The other thing I’m planning is the garden. Now, I haven’t seen this garden since November, so I can’t get into too much forward planning. I do know that after the success of this year’s tomatoes, I want to grow more vegetables and some fruits, but maybe not this scary variety of onion that looks like it was plucked fresh from a serial killer’s garden:

Onion (Salad) North Holland Blood Red Redmate

Image: Suttons

There is actually a perfectly good reason why I’m plunging myself into planning for the new house: denial. I don’t want to pack and I don’t want to unpack. Basically, I want the entire contents of my house to be transported- teleported, in fact- to the new house. Does anyone know if the TARDIS is available for house moves?

 

White Lies- Jo Gatford (and author interview)

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Before I begin this review, I’m going to issue a disclaimer: Jo is a friend of mine and I’m both immensely proud and insanely jealous that she’s written such a cracking debut novel as White Lies. Having a friend who’s a writer is beneficial though, as I get to interview her for the blog…

So, what’s the novel about? Well, it tells the story of Matt, a man haunted by the past and also the inconvenient fact that his brother has just died on his birthday. While this is bad enough, there’s also the fact that his dad has Alzheimer’s that’s getting worse, meaning that Matt has to keep telling his father that his favourite son is dead. There’s also a range of messy family relationships and deep secrets to keep you hooked.

I really enjoyed the book- I wasn’t sure what I was going to get, but I found it engrossing and the descriptions of Peter’s descent into himself was heartbreaking, funny and infuriating. The book also includes one of my favourite descriptive sentences of all time: part of the old people’s home is described as smelling of ‘chips and disappointment’. There were times when I wanted to strangle characters, others when I laughed and again when I felt deeply upset. There’s a lot here for a debut novel. You can buy it here.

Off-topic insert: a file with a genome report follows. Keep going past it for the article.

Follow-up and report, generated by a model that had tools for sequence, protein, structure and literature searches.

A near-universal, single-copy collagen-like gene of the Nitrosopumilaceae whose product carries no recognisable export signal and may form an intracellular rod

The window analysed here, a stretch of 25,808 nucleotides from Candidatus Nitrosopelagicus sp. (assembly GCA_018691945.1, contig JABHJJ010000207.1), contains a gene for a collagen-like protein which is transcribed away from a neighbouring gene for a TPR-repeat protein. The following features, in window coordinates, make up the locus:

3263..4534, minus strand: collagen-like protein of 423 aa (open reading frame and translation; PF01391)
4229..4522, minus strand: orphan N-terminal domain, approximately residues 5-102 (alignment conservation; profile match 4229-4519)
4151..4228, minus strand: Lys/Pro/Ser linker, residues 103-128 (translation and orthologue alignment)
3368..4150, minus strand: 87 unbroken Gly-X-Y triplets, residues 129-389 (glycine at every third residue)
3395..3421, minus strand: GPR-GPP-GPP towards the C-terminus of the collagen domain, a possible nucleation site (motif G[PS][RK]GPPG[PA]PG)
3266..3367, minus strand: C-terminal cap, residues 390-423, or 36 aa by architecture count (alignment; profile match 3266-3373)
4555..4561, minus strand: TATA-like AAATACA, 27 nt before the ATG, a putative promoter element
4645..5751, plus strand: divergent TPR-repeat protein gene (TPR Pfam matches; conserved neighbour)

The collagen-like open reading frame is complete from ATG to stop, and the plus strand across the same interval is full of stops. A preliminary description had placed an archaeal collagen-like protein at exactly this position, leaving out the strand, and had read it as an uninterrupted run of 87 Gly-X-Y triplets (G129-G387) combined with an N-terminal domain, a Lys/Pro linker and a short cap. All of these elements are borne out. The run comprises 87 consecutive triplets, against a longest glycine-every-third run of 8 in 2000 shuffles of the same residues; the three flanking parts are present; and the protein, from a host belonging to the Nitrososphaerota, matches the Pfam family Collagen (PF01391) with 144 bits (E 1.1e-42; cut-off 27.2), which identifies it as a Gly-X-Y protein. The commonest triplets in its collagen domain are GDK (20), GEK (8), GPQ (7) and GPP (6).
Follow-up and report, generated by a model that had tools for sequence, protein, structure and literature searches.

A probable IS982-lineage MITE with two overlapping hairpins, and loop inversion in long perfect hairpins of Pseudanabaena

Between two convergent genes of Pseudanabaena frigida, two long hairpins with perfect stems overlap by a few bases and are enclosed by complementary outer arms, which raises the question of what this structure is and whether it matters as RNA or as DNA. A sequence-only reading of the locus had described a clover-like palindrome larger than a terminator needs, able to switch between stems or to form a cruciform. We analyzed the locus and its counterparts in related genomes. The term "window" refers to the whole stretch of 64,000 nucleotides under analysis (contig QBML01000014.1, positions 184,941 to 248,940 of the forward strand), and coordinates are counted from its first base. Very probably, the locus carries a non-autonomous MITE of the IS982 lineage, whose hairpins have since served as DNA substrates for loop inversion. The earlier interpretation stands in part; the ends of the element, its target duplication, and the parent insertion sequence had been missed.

I asked Jo a few questions- if you’re a budding novelist (or just nosy), read on…

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1)       How did you manage to write a novel while being a mum to two small boys?
<Unhinged laughter> Slowly! I started writing the first draft just after my first son was born and he turned six in July just before the launch date, so it took its sweet time. It was very much a stop-start operation wedged in between work, having babies, and surviving sleep deprivation. There is no spare time, is there? I managed to carve out a few hours here and there to write, whether it was a Saturday afternoon in a café or late at night when I really should have been catching up on sleep. All very much facilitated by my wonderful husband who always makes sure I prioritise creativity over pointless stressing about work or doing the washing up. I actually go a little bit insane if I haven’t written for a while so the compulsive nature of it helps me to keep going, even if it does take me six years to finish a project.
2)       How did you make notes/research?
It’s been a long and slightly random accumulation of ideas and scribbles, really. For notes, I have lots of different notebooks which inevitably get lost around the house or stolen by the children for drawing on. Occasionally, just as I’m falling asleep, I’ll think of a perfect phrase or an important plot point and write myself a text message so that I’ll remember it in the morning. Although, sometimes I’ll read it back the next day and wonder what the hell I was talking about…
Research-wise it was a case of finding a balance between anecdotal stories (which are obviously very personal) and medical information (which can be quite dry and detached). A checklist of dementia symptoms doesn’t tell you what it’s actually like to experience the condition, or the effect it can have on relationships. For the emotional side of the story I spent a long time reading through diaries, blogs and articles written by people who are living with dementia, along with the perspectives of their carers and families. Hopefully the book brings together both sides of the situation; the sometimes innocuous day-to-day experiences, and the deep psychological impact.
3)       Which authors/books/films inspired your novel writing?